A near-lifetime collection of Texas-related books and pamphlets was crowned with the April 23 dedication of the Mike Cox Texas Collection at the San Marcos Public Library.
The dedication came five years after Cox began donating his extensive Texana collection to the library. So far about 5,500 books and pamphlets have been delivered to the library and about 1,500 more books and dozens of pamphlets are yet to come. The collection covers most aspects of Texas history and culture, from books on ancient pictographs found in the Trans-Pecos to Texas Rangers history books to books about Texas books.
An elected member of the Texas Institute of Letters and author of more than 35 non-fiction books, Cox began looking in earnest for a forever home for his collection in 2013. While discussing his desire to donate his books with half a dozen or so libraries in Texas, nothing worked until he approached the San Marcos Public Library in December 2016. That same day he emailed the Library director Diane Insley, when asked if she would be interested in her collection, she replied that she was.
Since the San Marcos Library is only a 30-minute drive from where he lives in Wimberley, Cox was delighted to find a place for his books close enough that he could still use them for reference. . It delivered the first batch of books, over 900 titles, in January 2017.
“San Marcos is one of the fastest growing cities in the country, so I know my collection will be useful to more and more researchers and family historians over the years,” Cox said. “I couldn’t be happier with how library staff enjoy my books.”
Cox grew up around books in a family of writers, readers, and history buffs. He began collecting Texana while in seventh grade at what was then Lanier Junior-Senior High School in Austin. Although he initially acquired books for research purposes, by the late 1970s he was actively collecting Texas material “just because” as well as for use as a personal reference library.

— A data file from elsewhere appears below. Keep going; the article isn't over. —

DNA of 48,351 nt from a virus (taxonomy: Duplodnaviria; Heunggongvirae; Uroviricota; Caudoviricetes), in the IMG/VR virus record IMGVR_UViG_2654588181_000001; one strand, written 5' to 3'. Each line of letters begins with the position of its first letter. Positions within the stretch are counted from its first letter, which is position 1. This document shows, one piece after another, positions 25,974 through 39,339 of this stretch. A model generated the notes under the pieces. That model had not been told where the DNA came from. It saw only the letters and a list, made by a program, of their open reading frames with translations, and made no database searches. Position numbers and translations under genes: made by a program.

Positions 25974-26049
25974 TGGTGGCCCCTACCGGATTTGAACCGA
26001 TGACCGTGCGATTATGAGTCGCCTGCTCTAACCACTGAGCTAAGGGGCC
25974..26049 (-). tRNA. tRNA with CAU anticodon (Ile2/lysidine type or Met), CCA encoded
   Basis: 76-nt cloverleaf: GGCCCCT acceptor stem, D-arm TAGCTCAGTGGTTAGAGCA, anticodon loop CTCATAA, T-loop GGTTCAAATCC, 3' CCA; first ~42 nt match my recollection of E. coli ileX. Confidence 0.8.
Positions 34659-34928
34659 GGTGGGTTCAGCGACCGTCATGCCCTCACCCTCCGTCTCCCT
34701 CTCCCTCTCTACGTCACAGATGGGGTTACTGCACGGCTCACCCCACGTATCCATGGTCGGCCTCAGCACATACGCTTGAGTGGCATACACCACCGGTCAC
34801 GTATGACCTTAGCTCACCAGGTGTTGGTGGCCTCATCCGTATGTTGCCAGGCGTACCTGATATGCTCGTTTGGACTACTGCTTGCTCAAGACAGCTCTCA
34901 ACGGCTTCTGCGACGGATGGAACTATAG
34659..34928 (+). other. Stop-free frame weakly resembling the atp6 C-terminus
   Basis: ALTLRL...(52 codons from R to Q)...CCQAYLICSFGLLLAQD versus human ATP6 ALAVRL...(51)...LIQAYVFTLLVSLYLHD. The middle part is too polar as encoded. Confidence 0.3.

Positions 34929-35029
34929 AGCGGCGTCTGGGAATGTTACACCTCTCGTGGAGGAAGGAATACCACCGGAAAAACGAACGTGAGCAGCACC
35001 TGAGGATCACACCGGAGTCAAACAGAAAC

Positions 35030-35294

In the early 1980s, it occurred to Cox that if he found a piece of Texana for sale that he recognized was below market value, assuming he didn’t need it for his collection, he should buy it to resell it. In the fall of 1983, he and the late Austin bookseller Tom Munnerlyn opened State House Books on South Congress Avenue. While Munnerlyn later bought out his stake in the store, Cox continued to sell used and rare books through mail order catalogs and at book and paper shows across the state. He also continued to build his personal library, visiting used and antique bookstores from coast to coast as well as in Europe.
Dr. Arro Smith, director of the San Marcos Library’s Technical Services Division – and curator of the Cox Collection – said at the dedication that 25% of donated books are rare and 2% are bibliographically unknown. All, he says, are in excellent condition and are titles that will be useful to researchers.
The collection is open to scholars by appointment, but due to their value and, in some cases, their rarity, the books cannot be borrowed.
“Giving away most of my books hasn’t been easy,” Cox said, “but most collectors are only a little less afraid of having their collection shattered at an estate sale or sale. auction than death. I couldn’t be happier with the relationship I have with the San Marcos Library.
Cox said at the inauguration that he would continue to collect as long as he was able to get around to a bookstore, antique mall or museum. But from now on, he added, if he finds something that isn’t already in his San Marcos collection, he will buy it for the library.
Information provided by San Marcos Public Library